Research indicates that eating disorders are on the increase and it is clear that perceiving our body in a negative light can potentially have serious repercussions on our health. So what steps can be taken to help develop a more holistic body image?

“Focus less on what your body looks like and more on what it can do is a good first step,” says Jennifer Beveridge. “Emphasise your inner strengths and value things unrelated to your physical appearance. Cut out negative self-talk, and engage in plenty of self-care.”  

Health and community psychologist Dr. Marny Lishman agrees that we need to stop putting ourselves down. “When we are self-accepting, we embrace all the parts of ourselves, our strengths and our weaknesses, the good and the bad,” she says.

When it comes to our children, there are many things we can do to encourage a positive body image, says Charmaine Roth. “Encourage mealtimes to be a time when the family can sit together and talk, rather than it being too focused on food,” she says.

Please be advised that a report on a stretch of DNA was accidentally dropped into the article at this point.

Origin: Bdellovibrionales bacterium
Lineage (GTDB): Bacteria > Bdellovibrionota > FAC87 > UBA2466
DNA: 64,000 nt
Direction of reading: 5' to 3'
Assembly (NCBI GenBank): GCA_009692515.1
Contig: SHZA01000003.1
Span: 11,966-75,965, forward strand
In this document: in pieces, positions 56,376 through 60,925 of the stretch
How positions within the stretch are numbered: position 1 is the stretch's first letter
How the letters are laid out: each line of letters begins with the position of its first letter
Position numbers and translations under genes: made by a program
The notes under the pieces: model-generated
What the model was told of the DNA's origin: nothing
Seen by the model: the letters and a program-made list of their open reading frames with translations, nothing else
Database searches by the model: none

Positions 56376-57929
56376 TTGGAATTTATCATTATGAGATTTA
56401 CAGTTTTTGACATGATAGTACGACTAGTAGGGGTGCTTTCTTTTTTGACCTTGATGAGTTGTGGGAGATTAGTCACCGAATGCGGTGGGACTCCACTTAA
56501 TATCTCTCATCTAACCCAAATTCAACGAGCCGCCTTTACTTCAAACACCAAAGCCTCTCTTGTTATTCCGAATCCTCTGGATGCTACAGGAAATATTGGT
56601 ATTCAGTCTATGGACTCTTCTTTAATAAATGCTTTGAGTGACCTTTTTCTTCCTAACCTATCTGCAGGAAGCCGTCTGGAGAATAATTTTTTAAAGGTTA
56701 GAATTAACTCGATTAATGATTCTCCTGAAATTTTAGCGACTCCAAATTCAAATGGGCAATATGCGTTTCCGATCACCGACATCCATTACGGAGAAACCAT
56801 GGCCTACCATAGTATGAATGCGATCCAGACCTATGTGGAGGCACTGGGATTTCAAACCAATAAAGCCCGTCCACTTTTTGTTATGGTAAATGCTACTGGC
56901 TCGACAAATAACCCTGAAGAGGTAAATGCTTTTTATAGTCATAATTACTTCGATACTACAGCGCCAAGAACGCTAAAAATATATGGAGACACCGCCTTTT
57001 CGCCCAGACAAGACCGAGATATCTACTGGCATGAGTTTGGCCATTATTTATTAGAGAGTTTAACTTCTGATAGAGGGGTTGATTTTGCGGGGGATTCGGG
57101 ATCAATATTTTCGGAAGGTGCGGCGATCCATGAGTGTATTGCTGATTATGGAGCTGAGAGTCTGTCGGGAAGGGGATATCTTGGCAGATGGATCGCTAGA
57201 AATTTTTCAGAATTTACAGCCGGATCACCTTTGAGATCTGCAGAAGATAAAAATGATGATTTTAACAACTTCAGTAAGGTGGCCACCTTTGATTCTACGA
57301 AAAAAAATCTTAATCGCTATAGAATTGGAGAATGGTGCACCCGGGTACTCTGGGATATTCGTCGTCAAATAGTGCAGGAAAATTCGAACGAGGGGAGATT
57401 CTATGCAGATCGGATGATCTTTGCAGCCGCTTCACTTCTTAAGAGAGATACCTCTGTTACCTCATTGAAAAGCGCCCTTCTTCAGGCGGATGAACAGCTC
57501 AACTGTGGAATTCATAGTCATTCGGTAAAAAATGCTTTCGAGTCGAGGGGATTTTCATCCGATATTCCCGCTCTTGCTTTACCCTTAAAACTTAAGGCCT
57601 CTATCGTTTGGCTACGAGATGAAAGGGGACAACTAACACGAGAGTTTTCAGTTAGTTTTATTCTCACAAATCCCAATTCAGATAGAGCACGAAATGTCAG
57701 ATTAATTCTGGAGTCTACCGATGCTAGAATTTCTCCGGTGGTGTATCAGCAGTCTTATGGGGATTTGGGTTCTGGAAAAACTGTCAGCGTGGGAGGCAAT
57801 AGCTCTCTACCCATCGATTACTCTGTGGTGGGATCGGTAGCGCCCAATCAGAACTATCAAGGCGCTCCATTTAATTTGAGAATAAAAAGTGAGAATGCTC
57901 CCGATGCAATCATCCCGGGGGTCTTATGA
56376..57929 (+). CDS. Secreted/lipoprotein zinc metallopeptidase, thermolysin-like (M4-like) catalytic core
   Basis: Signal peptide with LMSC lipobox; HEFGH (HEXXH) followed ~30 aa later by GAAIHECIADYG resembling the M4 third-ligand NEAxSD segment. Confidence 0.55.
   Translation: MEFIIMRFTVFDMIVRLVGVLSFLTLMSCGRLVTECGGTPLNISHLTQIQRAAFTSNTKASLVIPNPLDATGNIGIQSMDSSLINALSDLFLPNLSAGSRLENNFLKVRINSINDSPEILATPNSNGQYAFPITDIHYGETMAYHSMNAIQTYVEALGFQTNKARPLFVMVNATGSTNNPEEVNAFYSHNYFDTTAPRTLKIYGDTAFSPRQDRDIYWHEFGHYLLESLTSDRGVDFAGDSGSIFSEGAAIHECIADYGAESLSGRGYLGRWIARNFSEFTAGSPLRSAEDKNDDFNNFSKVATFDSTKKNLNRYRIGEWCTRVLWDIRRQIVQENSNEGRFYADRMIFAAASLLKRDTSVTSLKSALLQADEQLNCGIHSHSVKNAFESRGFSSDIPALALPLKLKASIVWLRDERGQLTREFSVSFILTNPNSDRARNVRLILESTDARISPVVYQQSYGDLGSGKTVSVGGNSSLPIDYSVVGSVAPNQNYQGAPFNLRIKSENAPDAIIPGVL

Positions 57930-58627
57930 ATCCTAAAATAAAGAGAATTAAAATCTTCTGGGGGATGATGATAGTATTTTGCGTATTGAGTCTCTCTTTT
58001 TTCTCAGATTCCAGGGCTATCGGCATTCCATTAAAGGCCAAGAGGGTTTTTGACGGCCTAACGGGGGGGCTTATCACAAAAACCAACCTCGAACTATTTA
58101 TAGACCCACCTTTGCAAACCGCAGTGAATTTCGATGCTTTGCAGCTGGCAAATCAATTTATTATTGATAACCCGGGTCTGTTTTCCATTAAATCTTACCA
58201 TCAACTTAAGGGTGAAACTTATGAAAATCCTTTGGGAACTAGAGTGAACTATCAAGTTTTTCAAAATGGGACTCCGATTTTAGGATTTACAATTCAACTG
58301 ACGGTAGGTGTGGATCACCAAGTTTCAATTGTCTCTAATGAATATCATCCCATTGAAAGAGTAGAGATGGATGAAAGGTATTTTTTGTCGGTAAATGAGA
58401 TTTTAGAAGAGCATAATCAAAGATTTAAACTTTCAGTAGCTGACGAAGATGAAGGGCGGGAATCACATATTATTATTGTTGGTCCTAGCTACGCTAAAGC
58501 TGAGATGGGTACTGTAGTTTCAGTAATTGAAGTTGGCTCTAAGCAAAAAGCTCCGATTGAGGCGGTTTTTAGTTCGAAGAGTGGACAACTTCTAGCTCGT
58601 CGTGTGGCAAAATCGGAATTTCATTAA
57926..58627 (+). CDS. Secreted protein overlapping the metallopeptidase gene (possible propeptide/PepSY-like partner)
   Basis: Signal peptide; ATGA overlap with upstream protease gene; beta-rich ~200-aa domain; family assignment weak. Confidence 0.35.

Other strategies she advises we employ include taking care with the language we use, maintaining a healthy attitude towards diet and exercise, and praising our child’s strengths and abilities rather than appearance.

As for me, I did my best to reduce my negative self-beliefs. I began to focus on my strengths and I worked on accepting my feelings.

In the end, though, the most powerful lesson came from home.

It was my daughter’s bath time again and I’d gotten into the tub with her to tackle the challenging task. After the shampooing, detangling, washing, rinsing, and the obligatory bath toy games, we were back on the bathmat, drying ourselves off with towels.

“Mummy,” my daughter said, looking up at my naked body with a bright glow on her cheeks. “We’re the same.”  

And in that moment I suddenly realized something. My daughter, with the innocent eyes of a young child, could look at my body and see that our similarities were more important than our obvious differences.  

I knelt down in front of her and put my hands on her shoulders. I could feel the outline of her bones and the soft slope of her arms.

“We are the same,” I said, “and we are beautiful.”

And even though I’d been telling myself to love my body, for the first time in my life I truly meant it.